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I've been Harmed

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By Conehead
March 11, 2002

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The post I'm replying to is an obvious troll. But I've decided to reply with a short informational post about the SUNW lawsuit against MSFT and try to debunk a few common misconceptions. [note: it ended up not being so short.] I am a frequent poster on the Sun board, and know that I have a pro-Sun bias. But I'll try to keep post completely factual. I appreciate responses that try to keep that same type of objectivity.

I'd first recommend that people interested in the lawsuit read http://www.sun.com/lawsuit/summary.html. While this obviously only covers Sun's viewpoint, it does do a good job of laying out the details of the suit. The gist of the lawsuit is that Sun alleges that Microsoft is using its desktop Windows monopoly to control the workgroup server and software markets. Explicitly named are Webservers, .NET, and office software. This lawsuit is much broader in scope than Sun's original Java lawsuit. Sun is seeking monetary damages, an unbundling of Microsoft's products, and forcing Microsoft to open the Windows API's and formats.

Now for my responses to the original post.

Our competitors won't carry or sell our products.

We've tried to put them out of business but they keep making better products then us. We've even grouped together with other companies who make over priced inferior products too, yet they keep getting market share because they make better products and give the consumer value.


This is all misinformation. Sun has no desire for Microsoft to carry or sell Sun products. Nor does Sun have any desire to sell Microsoft products.

I also think that "making better products than us" clouds the issue. In the areas where Sun and Microsoft directly compete (such as Webservers and LDAP servers), Sun is generally perceived as having the higher quality, but more expensive, product. Microsoft has averaged about a 20.5% annual gain in stock price over the last five years. Sun has averaged about 20.6%. Both are very successful technology companies. Portraying this lawsuit as a desperate attempt of Sun to get the government to rescue it does a disservice to both companies.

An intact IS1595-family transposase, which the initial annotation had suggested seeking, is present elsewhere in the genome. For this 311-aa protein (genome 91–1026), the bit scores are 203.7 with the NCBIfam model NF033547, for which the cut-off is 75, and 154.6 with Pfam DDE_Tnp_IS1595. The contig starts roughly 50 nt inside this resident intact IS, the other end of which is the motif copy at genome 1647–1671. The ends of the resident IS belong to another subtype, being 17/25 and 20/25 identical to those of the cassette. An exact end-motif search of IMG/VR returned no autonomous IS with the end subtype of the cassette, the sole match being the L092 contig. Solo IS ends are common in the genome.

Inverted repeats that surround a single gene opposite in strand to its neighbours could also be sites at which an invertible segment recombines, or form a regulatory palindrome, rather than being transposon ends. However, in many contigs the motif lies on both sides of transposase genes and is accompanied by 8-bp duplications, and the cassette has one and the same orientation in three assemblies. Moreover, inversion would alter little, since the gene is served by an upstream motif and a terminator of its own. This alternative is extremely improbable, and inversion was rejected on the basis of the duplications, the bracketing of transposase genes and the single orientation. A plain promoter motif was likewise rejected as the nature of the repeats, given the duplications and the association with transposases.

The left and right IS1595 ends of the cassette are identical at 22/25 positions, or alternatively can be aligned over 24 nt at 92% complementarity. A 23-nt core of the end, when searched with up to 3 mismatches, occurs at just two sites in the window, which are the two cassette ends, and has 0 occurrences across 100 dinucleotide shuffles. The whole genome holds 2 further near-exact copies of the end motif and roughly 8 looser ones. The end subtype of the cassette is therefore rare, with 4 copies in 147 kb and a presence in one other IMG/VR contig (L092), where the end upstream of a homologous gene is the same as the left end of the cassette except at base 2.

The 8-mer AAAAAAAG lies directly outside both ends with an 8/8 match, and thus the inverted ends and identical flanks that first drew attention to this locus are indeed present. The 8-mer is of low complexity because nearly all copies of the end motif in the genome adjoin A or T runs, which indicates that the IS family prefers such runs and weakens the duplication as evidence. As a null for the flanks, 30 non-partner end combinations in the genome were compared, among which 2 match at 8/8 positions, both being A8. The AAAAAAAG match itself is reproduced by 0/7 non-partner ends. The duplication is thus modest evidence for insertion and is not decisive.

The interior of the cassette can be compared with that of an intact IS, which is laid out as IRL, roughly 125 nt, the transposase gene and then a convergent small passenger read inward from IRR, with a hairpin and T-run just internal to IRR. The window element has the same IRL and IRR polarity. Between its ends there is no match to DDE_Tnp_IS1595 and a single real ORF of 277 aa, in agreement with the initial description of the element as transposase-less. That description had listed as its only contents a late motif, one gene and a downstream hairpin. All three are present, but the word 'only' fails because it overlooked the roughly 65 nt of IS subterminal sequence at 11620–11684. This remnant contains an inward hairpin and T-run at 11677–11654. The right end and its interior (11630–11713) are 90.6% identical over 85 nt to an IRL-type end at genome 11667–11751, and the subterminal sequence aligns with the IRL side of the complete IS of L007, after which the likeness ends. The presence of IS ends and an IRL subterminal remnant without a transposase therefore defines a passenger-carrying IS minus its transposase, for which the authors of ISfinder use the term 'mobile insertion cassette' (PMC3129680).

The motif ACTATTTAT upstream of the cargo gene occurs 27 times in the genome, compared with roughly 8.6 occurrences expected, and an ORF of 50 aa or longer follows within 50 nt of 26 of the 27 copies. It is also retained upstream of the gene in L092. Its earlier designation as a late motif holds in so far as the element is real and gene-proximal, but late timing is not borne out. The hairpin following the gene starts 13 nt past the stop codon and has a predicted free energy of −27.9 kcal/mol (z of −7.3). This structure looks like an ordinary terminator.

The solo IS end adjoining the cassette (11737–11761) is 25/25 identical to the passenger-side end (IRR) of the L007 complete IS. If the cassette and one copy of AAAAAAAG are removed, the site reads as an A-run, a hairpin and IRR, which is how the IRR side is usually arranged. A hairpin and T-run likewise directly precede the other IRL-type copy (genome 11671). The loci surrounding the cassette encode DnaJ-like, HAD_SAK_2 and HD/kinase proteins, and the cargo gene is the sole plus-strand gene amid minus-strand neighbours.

We also want damages because they make a better product, lets go back 4-5 years and figure out how much money they made and then we'll tell you what we lost out on because we make overpriced products that people don't want.

Sound fair?? I thought would think it's fair ;)

What a BUNCH of crybaby losers.


Lot's of people want Sun products. Quarter to quarter variances aside, Sun dominates its market segment. And, again, challenging the quality of a Sun products is a losing battle.

More than anything, this is a preemptive lawsuit. The most illustrative example is Microsoft's Active Directory versus iPlanet Directory Server. (iPlanet is a division of Sun.) These are direct competitors in the LDAP server space. iPlanet has been independently tested as much faster than Microsoft's Active Directory. It also has many more features than Microsoft's Active Directory. iPlanet currently has over 70% share in the enterprise LDAP server market and is pretty much the uncontested leader. (Just to be fair, however, iPlanet Directory Server is very expensive. Especially in comparison with Active Directory, which comes bundled with server versions of Windows.)

But if you use Windows2000 on your desktop the only LDAP server than you can use is Active Directory because Microsoft uses a proprietary protocol to communicate between desktop and server.

The bottom line of the lawsuit is whether this type of tying is legal. Is it legal for Microsoft to use its Windows monopoly to control other markets such as Webservers and directory servers? (And therefore the workgroup server market which runs these types of services.)

This isn't an open and shut case. Ordinarily there is nothing wrong with this kind of behavior. Expanding your market is definitely a normal business practice, and it is definitely Microsoft's current business strategy to use the Windows monopoly to open new markets for them.

The question is whether the Microsoft Windows monopoly requires the government to intervene for the benefit of consumers. It would be illegal for PECO (my power company) to change the frequency of my AC power so that none of my appliances worked. (And therefore had to buy PECO brand appliances.)

Is it illegal for Microsoft to use proprietary API's and formats to lock customers into Microsoft products? This isn't necessarily an easy question and is at the heart of the lawsuit.

Conehead


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